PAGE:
Various News And Action Issues.

We have decided to group a selection of different issues together here rather than make individual posts of them – SAV.

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Win for Canada Lynx: Idaho Must Take Action on Trapping

In a decision that will save lynx from cruel trapping deaths, a federal district court found on Monday that the great snow cats living in the Panhandle and Clearwater regions of Idaho are in danger of incidental trapping — so restrictions on trapping in those areas are needed. Lynx are listed as threatened under the Endangered Species Act, and the court found that trapping in northern Idaho is likely to illegally harm them. In 2014 the Center for Biological Diversity and allies sued Idaho for allowing trapping in lynx habitat. This week the court directed Idaho to alter its regulations to prevent future lynx deaths. It ordered the state to submit a plan to the court within 90 days, with terms that will truly protect lynx in the northern part of the state. “We’re relieved that the court has ordered Idaho to do more to protect lynx,” said the Center’s Andrea Santarsiere. “Four lynx have been incidentally trapped in Idaho in the past four years, and the court agreed with us today that the state cannot stand idly by and watch while indiscriminate traps harm these rare and federally protected cats.” Read more in The Spokesman-Review.

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Good News! African Lions Gain Protection Under the Endangered Species Act

Thank you for urging the U.S. Fish and Wildlife Service to protect lions under the Endangered Species Act and to prohibit the importation of lion trophies. Good news: As a result of global outrage following Cecil the lion’s death, the U.S. Fish and Wildlife Service announced that it will strengthen conservation efforts and crack down on trophy hunting by protecting two subspecies of African lions under the Endangered Species Act. The U.S. Fish and Wildlife Service will list one lion subspecies native to India and Central and Western Africa as endangered and another native to Eastern and Southern Africa as threatened. USFWS Director Dan Ashe also issued an order that would make it more difficult for those accused of violating wildlife laws to acquire permits and licensing for importing sport-hunted trophies. All these decisions are huge steps forward in protecting African lions for generations to come. Inspired to do more to protect endangered species? Stand with the Endangered Species Coalition, and take the pledge to defend the Endangered Species Act from congressional attacks.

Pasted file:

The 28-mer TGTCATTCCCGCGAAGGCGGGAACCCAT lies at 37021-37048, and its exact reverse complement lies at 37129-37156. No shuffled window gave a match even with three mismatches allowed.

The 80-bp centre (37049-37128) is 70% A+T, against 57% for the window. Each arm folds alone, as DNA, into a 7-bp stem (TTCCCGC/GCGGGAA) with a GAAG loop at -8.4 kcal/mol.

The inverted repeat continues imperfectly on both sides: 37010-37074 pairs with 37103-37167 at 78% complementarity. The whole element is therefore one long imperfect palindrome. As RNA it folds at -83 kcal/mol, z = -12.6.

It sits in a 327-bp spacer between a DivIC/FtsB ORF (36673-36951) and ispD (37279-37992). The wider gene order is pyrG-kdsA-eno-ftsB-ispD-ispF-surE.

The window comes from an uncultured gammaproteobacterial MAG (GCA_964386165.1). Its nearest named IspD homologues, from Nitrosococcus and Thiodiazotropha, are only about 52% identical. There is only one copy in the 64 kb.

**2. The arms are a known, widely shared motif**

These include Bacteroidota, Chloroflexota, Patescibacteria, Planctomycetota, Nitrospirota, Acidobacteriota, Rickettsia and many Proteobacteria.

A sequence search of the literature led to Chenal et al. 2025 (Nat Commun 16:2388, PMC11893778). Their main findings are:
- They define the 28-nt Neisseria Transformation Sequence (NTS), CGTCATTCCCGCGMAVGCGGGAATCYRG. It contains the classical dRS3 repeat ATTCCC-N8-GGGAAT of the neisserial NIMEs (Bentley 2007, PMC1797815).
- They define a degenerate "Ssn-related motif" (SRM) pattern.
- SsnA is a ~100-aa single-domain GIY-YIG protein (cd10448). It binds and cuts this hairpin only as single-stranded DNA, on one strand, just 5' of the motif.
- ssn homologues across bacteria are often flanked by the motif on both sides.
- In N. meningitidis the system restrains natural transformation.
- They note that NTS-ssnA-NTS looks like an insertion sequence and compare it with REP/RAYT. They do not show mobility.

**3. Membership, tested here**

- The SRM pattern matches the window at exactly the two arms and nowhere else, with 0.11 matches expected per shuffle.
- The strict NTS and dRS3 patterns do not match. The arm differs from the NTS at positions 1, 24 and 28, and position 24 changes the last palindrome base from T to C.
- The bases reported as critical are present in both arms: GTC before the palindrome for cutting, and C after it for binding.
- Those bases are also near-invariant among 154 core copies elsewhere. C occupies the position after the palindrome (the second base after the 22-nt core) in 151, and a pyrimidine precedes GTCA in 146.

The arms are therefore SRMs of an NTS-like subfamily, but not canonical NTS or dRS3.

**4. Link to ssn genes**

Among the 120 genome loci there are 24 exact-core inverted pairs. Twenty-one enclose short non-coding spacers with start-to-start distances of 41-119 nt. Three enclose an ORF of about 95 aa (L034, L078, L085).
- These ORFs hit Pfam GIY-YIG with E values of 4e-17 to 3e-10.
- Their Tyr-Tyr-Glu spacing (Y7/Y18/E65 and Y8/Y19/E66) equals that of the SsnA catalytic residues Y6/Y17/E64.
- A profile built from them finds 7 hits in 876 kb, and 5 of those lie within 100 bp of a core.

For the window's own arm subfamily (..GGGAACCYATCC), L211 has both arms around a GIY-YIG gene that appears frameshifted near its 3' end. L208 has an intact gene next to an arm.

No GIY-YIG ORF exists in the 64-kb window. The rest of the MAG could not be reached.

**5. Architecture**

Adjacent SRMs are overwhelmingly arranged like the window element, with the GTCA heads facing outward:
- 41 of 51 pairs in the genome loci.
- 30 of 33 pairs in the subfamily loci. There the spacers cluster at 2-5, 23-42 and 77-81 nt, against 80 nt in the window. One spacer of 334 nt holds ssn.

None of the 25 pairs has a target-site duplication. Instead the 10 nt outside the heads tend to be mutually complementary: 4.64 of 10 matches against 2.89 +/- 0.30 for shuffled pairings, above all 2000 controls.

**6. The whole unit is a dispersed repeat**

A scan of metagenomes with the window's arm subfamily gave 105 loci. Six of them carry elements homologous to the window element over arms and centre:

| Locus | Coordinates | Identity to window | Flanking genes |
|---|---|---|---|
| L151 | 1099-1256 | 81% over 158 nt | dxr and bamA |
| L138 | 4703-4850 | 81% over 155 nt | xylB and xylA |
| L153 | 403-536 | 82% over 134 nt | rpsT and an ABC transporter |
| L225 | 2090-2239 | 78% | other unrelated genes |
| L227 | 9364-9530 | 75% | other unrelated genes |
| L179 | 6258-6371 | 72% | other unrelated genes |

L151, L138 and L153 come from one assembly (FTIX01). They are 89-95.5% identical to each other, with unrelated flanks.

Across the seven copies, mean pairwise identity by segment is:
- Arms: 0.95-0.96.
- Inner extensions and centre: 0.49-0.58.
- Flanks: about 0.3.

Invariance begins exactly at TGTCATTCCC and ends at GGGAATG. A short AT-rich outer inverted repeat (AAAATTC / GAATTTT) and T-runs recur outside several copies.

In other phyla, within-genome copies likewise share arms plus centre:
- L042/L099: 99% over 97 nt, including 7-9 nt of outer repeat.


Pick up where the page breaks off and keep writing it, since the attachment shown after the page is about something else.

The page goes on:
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Elephants Win: Hong Kong Moves to Crush Ivory Trade

Taylor Hill is an associate editor at TakePart covering environment and wildlife.

Hong Kong chief executive Leung Chun-ying announced Wednesday that his government will end its legal ivory trade.

That market is considered a facilitator of illegal ivory transport into mainland China, the world’s largest consumer of smuggled ivory.

“The government is very concerned about the illegal poaching of elephants in Africa,” Leung told Hong Kong’s legislative council on Wednesday. “It will kick-start legislative procedures as soon as possible to ban the import and export of elephant hunting trophies.” He added that the government will “explore other appropriate measures,” including a phaseout of the local ivory trade and stiffer penalties for smuggling and trading endangered species.

Wildlife conservation groups are hailing the announcement as a milestone in the movement to ban all ivory trade—a position the Chinese and U.S. presidents took in 2015.

 “We expect action will be taken this year, but what we don’t know is what the timeline will look like,” said WildAid chief executive Peter Knights. “He announced a phaseout, so obviously the quicker the better. The most important thing is that they reveal a timeline this year.”